Dallas


Dallas
Dallasite, n.
/dal"euhs/, n.
1. George Mifflin /mif"lin/, 1792-1864, U.S. diplomat: vice-president of the U.S. 1845-49.
2. a city in NE Texas. 904,078.

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City (pop., 2000: 1,188,580), northern Texas, U.S. Located on the Trinity River, it was first settled in 1841 and was probably named for George Dallas.

While cotton fed the town's growth, the discovery in 1930 of the great East Texas oil field made the city a major centre of the petroleum industry. It saw spectacular growth after World War II, when several large aircraft-manufacturing firms located in the area. These were followed by electronics and automobile-assembly plants. It is the headquarters of more than 100 insurance companies and the Southwest's leading financial centre, as well as a transportation hub. Its many educational institutions include Southern Methodist University (founded 1911). It is known for its cultural activities; the Dallas Theater Center is the only theatre designed by Frank Lloyd Wright.

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▪ American television show
      American television soap opera that revolutionized prime-time drama and was among the most popular programs of the 1980s. Dallas started as a five-part miniseries on the Columbia Broadcasting System (CBS) in April 1978 and continued to air for 13 full seasons (1978–91), becoming one of the era's signature shows and a global phenomenon.

      The show was the brainchild of David Jacobs and was set in the Texas city of the title. It focused on the tumultuous personal lives and vicious, Machiavellian business exploits of the Ewing family, whose members all live under the same roof at the sprawling ranch known as Southfork. The clan included “Jock” Ewing (played by Jim Davis) and “Miss Ellie” Ewing (Barbara Bel Geddes), the patriarch and matriarch, respectively; their three sons, foremost among them the eldest, J.R. (Larry Hagman, previously best known for his comedic role on I Dream of Jeannie [1965–70]), and his long-suffering, alcoholic wife, Sue Ellen (Linda Gray). As the ruthless, devious oil tycoon that audiences loved to hate, Hagman redefined the soap opera villain-protagonist. The show borrowed a familiar premise from Romeo and Juliet—young lovers from feuding families—for one of its key plotlines: the marriage and subsequent drama between J.R.'s youngest brother, Bobby (Patrick Duffy, in a career-defining role), and Pamela Barnes (Victoria Principal), the sister of rival oil tycoon—and J.R.'s chief nemesis—Cliff Barnes (Ken Kercheval).

      A whirlwind tale of wealth and power, scheming intrigue, and dramatic feuds, Dallas quickly became an international favourite, and the exploits of the Ewing clan and their assorted relatives, allies, and enemies were broadcast in more than 130 countries. Amid the never-ending saga of secret affairs, backstabbing (both business and personal), gunfights, car accidents, and various dramatic twists and turns, Dallas became best known for its cliff-hangers at the end of each season, the most notorious of which was the “Who Shot J.R.?” episode at the end of the second season, which ended with J.R. lying on the floor of his office, felled by an unknown attacker. After a summer of frenzied speculation, the first episode of the third season, which revealed the identity of the assailant, broke American television ratings records, and the phrase “Who Shot J.R.?” entered the lexicon of American popular culture.

      Dallas was nominated for 21 Emmy Awards (it won 4), as well as numerous other awards. The prototypical prime-time soap opera, it ushered in a new era of complicated, big-budget serial dramas and served as a model for other shows, including Knots Landing (a Dallas spin-off), Dynasty, and Melrose Place.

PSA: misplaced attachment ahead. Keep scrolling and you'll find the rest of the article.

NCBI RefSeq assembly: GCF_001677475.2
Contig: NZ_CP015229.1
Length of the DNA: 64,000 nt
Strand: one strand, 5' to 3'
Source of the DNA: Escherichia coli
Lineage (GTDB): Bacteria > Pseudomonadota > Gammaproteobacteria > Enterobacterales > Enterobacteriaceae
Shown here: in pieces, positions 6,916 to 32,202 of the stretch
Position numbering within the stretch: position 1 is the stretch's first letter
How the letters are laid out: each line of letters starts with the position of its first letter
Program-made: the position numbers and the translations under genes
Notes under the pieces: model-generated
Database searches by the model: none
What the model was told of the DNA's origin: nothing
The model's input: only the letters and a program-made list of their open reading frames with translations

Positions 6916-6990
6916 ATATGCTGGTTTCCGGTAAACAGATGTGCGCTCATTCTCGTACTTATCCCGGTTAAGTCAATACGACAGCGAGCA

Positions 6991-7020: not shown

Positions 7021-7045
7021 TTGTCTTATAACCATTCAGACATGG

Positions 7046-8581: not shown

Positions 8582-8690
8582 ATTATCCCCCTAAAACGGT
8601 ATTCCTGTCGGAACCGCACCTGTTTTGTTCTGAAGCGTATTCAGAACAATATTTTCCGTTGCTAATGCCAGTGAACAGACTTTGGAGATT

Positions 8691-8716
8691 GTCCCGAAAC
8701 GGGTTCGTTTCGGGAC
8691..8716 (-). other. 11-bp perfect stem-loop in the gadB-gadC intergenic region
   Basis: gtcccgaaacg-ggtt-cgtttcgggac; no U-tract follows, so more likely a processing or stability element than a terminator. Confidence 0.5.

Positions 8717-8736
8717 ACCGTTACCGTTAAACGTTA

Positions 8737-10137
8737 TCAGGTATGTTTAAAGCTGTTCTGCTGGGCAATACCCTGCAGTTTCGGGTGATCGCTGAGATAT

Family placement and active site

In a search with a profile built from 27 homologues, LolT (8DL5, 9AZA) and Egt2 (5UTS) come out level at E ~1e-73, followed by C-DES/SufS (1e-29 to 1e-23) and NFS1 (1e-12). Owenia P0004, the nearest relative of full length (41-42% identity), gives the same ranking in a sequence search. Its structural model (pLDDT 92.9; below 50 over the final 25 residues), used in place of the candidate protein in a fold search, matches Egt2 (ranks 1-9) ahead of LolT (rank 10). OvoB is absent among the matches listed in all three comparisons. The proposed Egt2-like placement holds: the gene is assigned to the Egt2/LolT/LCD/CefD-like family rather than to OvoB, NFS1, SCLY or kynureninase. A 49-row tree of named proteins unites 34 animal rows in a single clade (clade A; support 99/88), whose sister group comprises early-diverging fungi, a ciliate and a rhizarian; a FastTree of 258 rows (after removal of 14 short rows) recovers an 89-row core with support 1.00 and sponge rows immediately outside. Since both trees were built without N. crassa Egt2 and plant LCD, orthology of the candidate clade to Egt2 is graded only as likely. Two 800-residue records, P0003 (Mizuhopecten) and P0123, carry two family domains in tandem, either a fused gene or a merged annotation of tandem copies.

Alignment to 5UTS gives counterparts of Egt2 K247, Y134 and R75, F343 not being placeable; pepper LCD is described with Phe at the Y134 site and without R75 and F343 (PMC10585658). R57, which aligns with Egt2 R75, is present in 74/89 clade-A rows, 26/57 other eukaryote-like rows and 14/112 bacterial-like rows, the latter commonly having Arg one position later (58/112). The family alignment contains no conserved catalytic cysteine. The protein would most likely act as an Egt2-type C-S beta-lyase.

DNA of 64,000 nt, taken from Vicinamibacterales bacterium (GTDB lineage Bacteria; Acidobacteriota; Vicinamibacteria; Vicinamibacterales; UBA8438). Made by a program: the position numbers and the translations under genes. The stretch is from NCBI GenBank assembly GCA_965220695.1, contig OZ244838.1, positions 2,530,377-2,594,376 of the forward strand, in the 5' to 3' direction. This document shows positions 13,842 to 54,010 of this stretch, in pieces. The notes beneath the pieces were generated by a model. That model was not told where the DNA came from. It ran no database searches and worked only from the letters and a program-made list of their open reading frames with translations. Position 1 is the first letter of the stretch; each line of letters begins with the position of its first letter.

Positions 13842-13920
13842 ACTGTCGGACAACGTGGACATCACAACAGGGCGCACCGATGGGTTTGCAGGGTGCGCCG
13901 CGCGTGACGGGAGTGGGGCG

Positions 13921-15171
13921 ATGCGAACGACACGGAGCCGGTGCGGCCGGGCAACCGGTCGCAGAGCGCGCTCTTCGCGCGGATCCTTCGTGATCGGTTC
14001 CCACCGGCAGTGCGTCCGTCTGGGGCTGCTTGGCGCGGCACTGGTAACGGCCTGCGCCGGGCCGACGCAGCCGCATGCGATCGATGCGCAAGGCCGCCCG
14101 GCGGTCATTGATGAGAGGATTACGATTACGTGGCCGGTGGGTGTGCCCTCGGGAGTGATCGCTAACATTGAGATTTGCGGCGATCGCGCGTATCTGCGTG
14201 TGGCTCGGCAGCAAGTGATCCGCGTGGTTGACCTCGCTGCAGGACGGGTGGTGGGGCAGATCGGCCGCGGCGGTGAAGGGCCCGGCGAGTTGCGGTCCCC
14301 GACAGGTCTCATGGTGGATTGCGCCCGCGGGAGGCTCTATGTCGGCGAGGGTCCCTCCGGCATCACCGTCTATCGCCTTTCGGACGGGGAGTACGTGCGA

Introduction
  city, Dallas, Collin, Denton, Rockwell, and Kaufman counties, seat (1846) of Dallas county, north-central Texas, U.S. It lies along the Trinity River near the junction of that river's three forks, in a region of prairies, tree-lined creeks and rivers, and gentle hills. Its winters are mild with brief cold spells, but summers are hot with moderate to high humidity. Dallas is the state's third most populous city (after Houston and San Antonio) and the metropolis of the sprawling Dallas–Fort Worth urban area, known locally as the Metroplex. Fort Worth lies 30 miles (48 km) west; other major cities in the metropolitan region include Arlington, Carrollton, Denton, Garland, Grand Prairie, Irving, Lewisville, Mesquite, Plano, Richardson, and University Park. Dallas has a council-manager form of government that was established there in 1931. Inc. town, 1856; city, 1871. Area city, 385 square miles (997 square km). Pop. (2000) city, 1,188,580; Dallas-Plano-Irving MD, 3,451,226; Dallas–Fort Worth–Arlington MSA, 5,161,544; (2007 est.) city, 1,240,499; Dallas-Plano-Irving MD, 4,111,529; Dallas–Fort Worth–Arlington MSA, 6,145,037.

History
      In 1841 John Neely Bryan, a lawyer and trader from Tennessee, built the first cabin (now restored) in the area on the riverbank. Other settlers moved into the region, and a town site was laid out in 1844. The origin of the community's name is uncertain; most likely it is named for early settler Joseph Dallas or for George Mifflin Dallas (Dallas, George Mifflin), vice president (1845–49) of the United States. Its early settlement was augmented by Swiss and German immigrants and in the late 1850s by French artisans from the unsuccessful Fourierist (Fourierism) utopian colony at nearby La Réunion. Large numbers of African Americans moved into the area after the American Civil War.

      Commercial growth was stimulated by the arrival of the railroads in the 1870s. A huge wholesale market developed, with many of the city's retail stores serving the American Southwest; one, Neiman-Marcus (Neiman Marcus), has become internationally known. The adjacent communities of East Dallas and Oak Cliff were annexed in 1889 and 1903, respectively, greatly expanding the city's size.

      Locally produced grain, leather, and especially cotton (grown in the black-clay fields around Dallas) fed the city's early growth and were followed by insurance and, later, oil. The Dallas Cotton Exchange was organized in 1907 and in the early decades of the 20th century was one of the world's largest cotton markets. In addition, the city was a top manufacturer of cotton-ginning machinery. Also during the early 20th century, Dallas was a centre of food processing and the manufacture of textiles and leather products, and an automobile plant and a branch bank of the Federal Reserve System were established there. Mexican immigrants contributed to the population growth. In 1930 C.M. (“Dad”) Joiner discovered the great East Texas oil field, which attracted investment and made the city a major centre of the petroleum industry. Dallas's Central Centennial Exposition (1936), the state's official observance of the Texas revolution centennial, was a boon to the city's Depression-era economy, and one of the country's first shopping centres opened in 1931 in the suburb of Highland Park.